Natural Wine = Consumer Fraud?
While it seems to me a bit over the top that Italian officials would raid a famed Roman wine store for promoting "Natural" wines in violation of Italian consumer fraud laws, the episode reported by Jeramy Parzan at his respected Do Bianchi blog does speak to the nebulous intellectual and commercial space the "natural" wine movement has carved out for itself not just in Italy, but across the globe.
According to Parzan, famed Enoteca Bulzoni was raided by Italian officials and is in line to be at least fined for selling wine under the banner of "natural", a term and category unauthorized under Italian wine laws. The violation apparantly amounts to "consumer fraud".
There is no question in my mind that promoting any wine as "natural" is a case of consumer fraud, but whether it ought to result in a penalty or fine or arrest is another question altogether for which I can not find reasonable justification. Condemnation for trying to dupe consumers? Yes. Pity heaped upon the champions of the term "natural" for the obvious implied denigration of those that aren't "natural"? Appropriate. Contempt for the champions of the idea of "natural wine" for making no formal effort to define what they mean? Acceptable. But fines and penalties? I don't think so.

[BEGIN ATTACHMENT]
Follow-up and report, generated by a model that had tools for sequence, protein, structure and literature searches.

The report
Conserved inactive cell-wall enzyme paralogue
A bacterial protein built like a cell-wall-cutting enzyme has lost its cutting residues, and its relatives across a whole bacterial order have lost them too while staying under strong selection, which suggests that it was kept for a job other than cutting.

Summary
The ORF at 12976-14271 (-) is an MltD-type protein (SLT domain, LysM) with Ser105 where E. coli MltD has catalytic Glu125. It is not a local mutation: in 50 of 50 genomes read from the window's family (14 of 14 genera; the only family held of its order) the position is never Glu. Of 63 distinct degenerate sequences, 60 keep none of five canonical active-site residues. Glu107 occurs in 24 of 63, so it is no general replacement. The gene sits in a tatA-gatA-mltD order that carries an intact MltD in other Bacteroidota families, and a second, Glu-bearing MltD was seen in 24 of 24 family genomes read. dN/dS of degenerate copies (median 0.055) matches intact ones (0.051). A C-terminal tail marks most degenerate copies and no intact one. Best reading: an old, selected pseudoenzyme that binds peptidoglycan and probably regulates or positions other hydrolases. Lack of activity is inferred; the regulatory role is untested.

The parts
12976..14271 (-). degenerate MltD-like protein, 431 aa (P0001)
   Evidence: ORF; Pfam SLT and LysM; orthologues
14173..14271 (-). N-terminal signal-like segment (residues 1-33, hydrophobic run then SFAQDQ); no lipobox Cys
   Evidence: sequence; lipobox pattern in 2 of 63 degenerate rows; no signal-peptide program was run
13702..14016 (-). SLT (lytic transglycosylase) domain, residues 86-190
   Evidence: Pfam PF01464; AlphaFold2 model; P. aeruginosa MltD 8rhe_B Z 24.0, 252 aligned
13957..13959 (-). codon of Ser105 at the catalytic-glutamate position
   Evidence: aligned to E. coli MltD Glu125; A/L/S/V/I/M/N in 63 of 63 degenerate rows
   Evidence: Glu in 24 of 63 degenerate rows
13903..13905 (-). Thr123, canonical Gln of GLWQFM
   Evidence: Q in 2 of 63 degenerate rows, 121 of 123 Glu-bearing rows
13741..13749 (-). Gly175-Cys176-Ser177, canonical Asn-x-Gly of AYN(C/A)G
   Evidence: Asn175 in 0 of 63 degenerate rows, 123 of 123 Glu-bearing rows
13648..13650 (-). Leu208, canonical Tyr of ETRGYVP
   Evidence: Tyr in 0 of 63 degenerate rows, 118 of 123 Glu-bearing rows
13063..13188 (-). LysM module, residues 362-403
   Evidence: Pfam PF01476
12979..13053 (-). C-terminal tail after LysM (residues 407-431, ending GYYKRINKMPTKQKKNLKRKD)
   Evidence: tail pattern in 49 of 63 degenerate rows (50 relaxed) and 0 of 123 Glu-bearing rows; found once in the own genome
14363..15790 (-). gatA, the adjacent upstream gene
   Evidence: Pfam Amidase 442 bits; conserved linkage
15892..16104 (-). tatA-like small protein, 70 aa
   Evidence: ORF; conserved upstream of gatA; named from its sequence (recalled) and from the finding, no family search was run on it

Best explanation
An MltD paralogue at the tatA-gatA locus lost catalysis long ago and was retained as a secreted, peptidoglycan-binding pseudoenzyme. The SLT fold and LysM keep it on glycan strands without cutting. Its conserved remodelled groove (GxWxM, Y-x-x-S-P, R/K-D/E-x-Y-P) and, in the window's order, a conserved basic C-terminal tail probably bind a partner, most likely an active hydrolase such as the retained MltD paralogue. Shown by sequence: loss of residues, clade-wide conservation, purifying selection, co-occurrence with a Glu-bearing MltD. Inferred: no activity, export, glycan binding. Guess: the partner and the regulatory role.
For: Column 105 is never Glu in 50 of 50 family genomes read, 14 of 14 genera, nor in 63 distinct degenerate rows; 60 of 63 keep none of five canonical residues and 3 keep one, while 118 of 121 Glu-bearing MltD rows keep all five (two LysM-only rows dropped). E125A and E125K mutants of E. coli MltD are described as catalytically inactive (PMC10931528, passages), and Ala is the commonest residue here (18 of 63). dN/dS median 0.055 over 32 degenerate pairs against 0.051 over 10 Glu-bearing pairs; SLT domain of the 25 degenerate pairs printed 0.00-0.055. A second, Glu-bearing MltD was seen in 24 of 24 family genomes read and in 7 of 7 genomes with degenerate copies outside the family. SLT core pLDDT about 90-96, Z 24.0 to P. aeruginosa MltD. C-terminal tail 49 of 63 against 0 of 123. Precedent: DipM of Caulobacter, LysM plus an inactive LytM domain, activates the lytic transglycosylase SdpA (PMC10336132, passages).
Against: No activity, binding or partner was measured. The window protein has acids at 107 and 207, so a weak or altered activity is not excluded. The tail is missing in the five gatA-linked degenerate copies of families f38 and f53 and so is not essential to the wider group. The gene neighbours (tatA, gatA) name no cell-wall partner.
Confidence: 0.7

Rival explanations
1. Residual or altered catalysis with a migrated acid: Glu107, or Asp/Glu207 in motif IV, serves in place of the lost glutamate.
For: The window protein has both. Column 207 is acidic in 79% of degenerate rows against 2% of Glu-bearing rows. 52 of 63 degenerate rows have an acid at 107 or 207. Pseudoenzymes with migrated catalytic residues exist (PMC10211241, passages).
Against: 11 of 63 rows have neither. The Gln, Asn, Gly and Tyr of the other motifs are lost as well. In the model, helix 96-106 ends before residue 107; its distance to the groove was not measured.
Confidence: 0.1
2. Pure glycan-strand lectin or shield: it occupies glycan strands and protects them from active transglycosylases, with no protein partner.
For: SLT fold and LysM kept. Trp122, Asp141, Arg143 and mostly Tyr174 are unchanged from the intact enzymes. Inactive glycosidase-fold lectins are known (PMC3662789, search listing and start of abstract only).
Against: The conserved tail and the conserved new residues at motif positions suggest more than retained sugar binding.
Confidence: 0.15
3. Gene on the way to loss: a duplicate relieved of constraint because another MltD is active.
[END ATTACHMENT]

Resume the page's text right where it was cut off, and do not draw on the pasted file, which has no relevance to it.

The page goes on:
Parzan, an excellent and enthusiastic promoter of italian wine and italian wine culture, finishes his report on the Italy's "NaturalGate" with this:
"At a time when the financial crisis has led to an overarching reset in the Italian wine industry and when small producers and retailers continue to struggle to stay afloat, is there really any harm in a little sign on Viale Parioli?"
Parzan's rhetorical question begs a more comprehensive question: At a time when transparency and honesty seem to be the talk of the wine world (or at leasts its media), is promoting a deceptive, denigrating, made-up and fraudulent category of wine really of any value to consumers and the wine trade?